Cohen's lawyer says Trump team dangled pardon

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Fox News' Andrew Napolitano: Trump Won't 'Survive' Another Week Like This

US President Donald Trump has put the credibility of his formal personal lawyer back under the spotlight, accusing Michael Cohen of lying under oath to lawmakers when the lawyer denied ever asking Trump for a presidential pardon.

"[Trump] needs to address these issues soberly, directly and maturely...can President Trump survive all this?" the judge asked, then answered with: "Yes - but not if he has another week like the last one".

But Davis continued that since Cohen began working with federal prosecutors in July and "authorized me as a new lawyer to say publicly Mr. Cohen would never accept a pardon from President Trump even if offered".

Davis, who was not Cohen's lawyer at the time, says Cohen "directed his attorney" to explore a possible pardon with Trump lawyer Rudy Giuliani and others on Trump's legal team. When Cohen was asked about Russian interference in the 2016 election, Trump's former lawyer said that he didn't have any direct knowledge that the president had colluded with the foreign government. "Additionally, he directly asked me for a pardon".

"Mr. Trump's foreign policy approach is anything but normal", he wrote.

Rep. Raja Krishnamoorthi (D-Ill.), who serves on both the Oversight and Intelligence Committees, said of Cohen that "my impression is he comes across as credible".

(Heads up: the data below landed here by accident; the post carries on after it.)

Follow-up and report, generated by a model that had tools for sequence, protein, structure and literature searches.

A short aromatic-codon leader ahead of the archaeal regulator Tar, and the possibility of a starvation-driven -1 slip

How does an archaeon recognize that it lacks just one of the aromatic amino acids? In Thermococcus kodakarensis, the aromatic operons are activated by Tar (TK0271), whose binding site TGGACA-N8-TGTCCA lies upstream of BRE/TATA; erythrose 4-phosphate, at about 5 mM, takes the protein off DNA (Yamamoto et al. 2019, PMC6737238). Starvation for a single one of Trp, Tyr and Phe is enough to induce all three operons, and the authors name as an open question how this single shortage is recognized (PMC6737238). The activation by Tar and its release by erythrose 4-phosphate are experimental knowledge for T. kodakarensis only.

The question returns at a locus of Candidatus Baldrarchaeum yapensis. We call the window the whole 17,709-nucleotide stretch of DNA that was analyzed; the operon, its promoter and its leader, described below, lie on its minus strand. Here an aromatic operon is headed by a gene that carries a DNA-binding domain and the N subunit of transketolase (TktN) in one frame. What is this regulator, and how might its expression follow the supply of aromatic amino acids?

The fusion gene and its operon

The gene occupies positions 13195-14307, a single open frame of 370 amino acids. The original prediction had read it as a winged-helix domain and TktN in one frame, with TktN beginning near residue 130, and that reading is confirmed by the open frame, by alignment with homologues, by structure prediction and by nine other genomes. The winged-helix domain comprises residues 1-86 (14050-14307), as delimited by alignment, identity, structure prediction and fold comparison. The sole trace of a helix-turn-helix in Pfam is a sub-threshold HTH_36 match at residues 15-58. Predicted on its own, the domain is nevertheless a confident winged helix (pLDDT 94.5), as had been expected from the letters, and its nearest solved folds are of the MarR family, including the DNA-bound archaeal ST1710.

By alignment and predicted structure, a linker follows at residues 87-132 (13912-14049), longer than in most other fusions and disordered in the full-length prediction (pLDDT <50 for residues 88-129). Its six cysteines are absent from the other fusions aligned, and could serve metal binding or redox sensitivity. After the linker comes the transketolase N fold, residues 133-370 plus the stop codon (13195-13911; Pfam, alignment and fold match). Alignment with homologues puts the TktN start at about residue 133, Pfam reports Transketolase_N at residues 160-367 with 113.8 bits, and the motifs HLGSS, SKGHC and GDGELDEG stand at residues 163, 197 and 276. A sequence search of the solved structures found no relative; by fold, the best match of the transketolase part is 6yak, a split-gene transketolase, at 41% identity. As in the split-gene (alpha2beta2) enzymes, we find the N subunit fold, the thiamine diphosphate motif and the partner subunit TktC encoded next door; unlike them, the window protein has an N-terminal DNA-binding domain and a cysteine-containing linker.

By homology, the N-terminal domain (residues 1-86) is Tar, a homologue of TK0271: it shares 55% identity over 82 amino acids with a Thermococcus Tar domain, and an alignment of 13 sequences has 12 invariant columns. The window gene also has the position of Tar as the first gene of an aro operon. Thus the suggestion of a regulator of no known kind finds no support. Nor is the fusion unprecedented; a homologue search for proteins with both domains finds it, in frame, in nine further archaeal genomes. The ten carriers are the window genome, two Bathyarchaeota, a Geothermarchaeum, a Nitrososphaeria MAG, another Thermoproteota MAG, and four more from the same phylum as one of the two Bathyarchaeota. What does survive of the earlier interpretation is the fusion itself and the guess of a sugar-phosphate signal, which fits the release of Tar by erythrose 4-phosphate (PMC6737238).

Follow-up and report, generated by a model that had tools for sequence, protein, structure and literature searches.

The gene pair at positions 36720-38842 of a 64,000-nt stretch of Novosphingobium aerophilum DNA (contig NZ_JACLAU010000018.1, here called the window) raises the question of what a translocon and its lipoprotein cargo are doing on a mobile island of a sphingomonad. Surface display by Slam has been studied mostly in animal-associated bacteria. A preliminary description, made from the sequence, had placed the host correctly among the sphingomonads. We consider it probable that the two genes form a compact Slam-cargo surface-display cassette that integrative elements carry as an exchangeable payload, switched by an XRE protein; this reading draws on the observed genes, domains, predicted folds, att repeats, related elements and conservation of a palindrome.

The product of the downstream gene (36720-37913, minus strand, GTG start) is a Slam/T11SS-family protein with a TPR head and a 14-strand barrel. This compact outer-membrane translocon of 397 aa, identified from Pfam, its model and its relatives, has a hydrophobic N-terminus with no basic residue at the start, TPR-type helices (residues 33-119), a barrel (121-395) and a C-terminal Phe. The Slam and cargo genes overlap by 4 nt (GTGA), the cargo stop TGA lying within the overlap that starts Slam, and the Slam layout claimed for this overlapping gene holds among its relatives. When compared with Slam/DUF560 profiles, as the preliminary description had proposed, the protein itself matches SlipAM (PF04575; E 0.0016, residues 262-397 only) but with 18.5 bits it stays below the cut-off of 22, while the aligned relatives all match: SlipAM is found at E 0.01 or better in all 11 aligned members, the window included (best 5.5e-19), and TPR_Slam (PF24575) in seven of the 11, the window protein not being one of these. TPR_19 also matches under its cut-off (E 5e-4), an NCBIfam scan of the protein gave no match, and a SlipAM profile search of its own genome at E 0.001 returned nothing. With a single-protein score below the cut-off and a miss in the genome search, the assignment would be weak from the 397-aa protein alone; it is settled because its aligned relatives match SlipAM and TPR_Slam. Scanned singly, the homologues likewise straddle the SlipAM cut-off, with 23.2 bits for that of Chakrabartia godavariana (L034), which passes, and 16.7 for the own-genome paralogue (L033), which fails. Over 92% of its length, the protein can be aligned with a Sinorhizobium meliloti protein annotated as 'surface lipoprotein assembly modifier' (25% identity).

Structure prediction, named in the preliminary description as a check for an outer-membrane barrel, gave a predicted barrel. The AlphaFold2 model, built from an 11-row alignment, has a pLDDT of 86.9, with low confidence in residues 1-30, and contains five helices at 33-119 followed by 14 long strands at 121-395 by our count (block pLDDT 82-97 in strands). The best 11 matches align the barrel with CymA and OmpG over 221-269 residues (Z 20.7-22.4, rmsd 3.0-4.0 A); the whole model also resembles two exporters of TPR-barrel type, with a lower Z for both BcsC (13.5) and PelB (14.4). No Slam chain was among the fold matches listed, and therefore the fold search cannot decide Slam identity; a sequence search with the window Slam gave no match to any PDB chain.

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Long before he entered politics, Trump embellished his record, posing as his own spokesman to plant flattering stories in NY gossip pages and declaring that the 58-story Trump Tower was actually 68 stories so it would be the tallest in that section of Midtown Manhattan.

His administration has had more than 9,000 misleading statements, according to The Washington Post - fake news, according to the president.

Trump repeated this sentiment to reporters on Thursday, saying that Cohen's assertion was "a stone-cold lie".

Trump has tweeted about Cohen nearly every day for the past week and complained about him to reporters as he prepared to depart to survey tornado damage in Alabama.

Cohen's spokesman Lanny Davis told ABC news this week that Cohen's statement to congress was technically true, as he had never personally asked Trump for a pardon. He has defended his scattershot approach with a series of memorable turns of phrases, including one that could act as a motto for many of those involved in the saga.

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